The internet is replete with millions of websites, many of which are (technically speaking) country-specific via their country code domains… but why is that?
Internet topography and rules can be a tricky matter to understand, what with confusing acronyms a plenty to wrap your head around. The Internet is global, and yet websites can (and often do) have country-specific country codes, or ccTLDs (Country Code Top-Level Domains). Ever wondered why — and which country has the most websites as a result?
You might be tempted to think that it would be the USA, given its status as having built out the frameworks for the modern internet.
But you’d be wrong.
Way back when I was just a neophyte journalist, there were even actual printed books that claimed to be effective directories or maps of the Internet. Naturally, they were outdated well before they hit store shelves.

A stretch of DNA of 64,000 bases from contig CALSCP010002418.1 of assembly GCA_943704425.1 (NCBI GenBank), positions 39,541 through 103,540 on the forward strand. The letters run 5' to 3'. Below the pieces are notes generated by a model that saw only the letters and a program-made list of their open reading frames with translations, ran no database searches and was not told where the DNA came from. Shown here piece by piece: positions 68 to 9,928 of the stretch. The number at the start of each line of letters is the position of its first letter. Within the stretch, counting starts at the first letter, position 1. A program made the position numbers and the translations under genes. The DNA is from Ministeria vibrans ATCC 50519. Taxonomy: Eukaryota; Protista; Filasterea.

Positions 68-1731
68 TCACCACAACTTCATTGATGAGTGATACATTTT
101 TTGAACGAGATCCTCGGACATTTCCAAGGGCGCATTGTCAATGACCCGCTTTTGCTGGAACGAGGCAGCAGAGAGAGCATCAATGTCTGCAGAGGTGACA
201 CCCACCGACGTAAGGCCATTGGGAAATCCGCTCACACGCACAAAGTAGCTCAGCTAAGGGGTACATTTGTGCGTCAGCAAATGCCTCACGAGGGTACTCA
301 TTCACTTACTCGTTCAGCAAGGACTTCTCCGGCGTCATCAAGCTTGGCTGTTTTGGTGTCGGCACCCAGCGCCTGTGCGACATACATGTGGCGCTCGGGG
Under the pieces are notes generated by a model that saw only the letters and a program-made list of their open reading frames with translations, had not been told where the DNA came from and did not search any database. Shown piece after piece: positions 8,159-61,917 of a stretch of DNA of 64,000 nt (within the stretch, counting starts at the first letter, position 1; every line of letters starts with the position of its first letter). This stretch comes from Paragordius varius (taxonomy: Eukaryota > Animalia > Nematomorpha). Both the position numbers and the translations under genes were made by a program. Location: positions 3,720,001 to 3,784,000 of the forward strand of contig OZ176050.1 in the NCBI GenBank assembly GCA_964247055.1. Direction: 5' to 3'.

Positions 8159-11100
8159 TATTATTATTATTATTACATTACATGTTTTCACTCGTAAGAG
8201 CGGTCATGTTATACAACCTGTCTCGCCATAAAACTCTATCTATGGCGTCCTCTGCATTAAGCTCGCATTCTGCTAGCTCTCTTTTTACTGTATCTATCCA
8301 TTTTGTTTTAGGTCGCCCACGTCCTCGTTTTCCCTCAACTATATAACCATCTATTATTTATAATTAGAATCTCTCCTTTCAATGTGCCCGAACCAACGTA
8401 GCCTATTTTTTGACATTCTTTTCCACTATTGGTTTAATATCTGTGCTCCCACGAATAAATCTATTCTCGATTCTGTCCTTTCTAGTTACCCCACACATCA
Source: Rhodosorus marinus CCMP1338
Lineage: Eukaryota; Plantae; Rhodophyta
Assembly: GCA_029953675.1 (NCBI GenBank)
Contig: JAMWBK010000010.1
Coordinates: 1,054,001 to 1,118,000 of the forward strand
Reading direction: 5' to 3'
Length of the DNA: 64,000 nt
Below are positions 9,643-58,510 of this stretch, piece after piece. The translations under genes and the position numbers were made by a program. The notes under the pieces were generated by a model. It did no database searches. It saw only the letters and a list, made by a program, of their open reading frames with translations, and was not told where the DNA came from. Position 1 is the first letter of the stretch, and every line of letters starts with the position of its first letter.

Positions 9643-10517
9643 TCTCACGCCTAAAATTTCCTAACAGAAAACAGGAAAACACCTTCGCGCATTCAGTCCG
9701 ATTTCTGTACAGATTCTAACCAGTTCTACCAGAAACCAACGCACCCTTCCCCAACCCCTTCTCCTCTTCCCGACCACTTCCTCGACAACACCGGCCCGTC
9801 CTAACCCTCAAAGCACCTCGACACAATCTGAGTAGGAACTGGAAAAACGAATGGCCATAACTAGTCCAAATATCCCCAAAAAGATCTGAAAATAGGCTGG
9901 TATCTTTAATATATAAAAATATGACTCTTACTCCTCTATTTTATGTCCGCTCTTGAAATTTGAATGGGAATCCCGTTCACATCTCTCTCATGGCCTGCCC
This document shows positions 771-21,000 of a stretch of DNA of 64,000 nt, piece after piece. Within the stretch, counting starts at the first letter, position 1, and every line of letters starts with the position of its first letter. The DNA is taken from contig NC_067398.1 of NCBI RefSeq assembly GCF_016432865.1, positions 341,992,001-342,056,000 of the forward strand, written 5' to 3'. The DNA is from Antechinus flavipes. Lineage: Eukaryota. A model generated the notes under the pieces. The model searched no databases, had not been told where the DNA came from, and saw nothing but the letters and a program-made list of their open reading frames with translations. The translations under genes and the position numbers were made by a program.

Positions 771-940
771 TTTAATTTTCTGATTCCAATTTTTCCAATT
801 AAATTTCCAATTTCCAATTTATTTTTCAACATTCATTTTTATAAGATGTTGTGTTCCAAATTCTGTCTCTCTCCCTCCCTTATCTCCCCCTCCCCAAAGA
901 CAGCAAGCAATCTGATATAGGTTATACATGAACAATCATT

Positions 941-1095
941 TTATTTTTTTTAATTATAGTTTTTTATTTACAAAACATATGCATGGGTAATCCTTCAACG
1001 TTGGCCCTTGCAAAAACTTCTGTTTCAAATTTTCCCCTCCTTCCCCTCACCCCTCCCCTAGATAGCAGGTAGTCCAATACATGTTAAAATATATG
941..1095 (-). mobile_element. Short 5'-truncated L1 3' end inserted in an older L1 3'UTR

The nature of internet topography makes it impossible to completely map in every aspect, but what you can map – or at least try to map – specific subsections of the way the Internet is built.
This video from the always excellent Map Men draws up an entirely different kind of Internet map, looking at countries based on the number of websites attached to their top-level domains, or ccTLDs. It’s a fun little romp – honestly, even the sponsor video in the middle is better than the usual YouTuber approach to this kind of thing – and also one of the best explanations of TLDs, DNS and other Internet acronyms I’ve ever seen.
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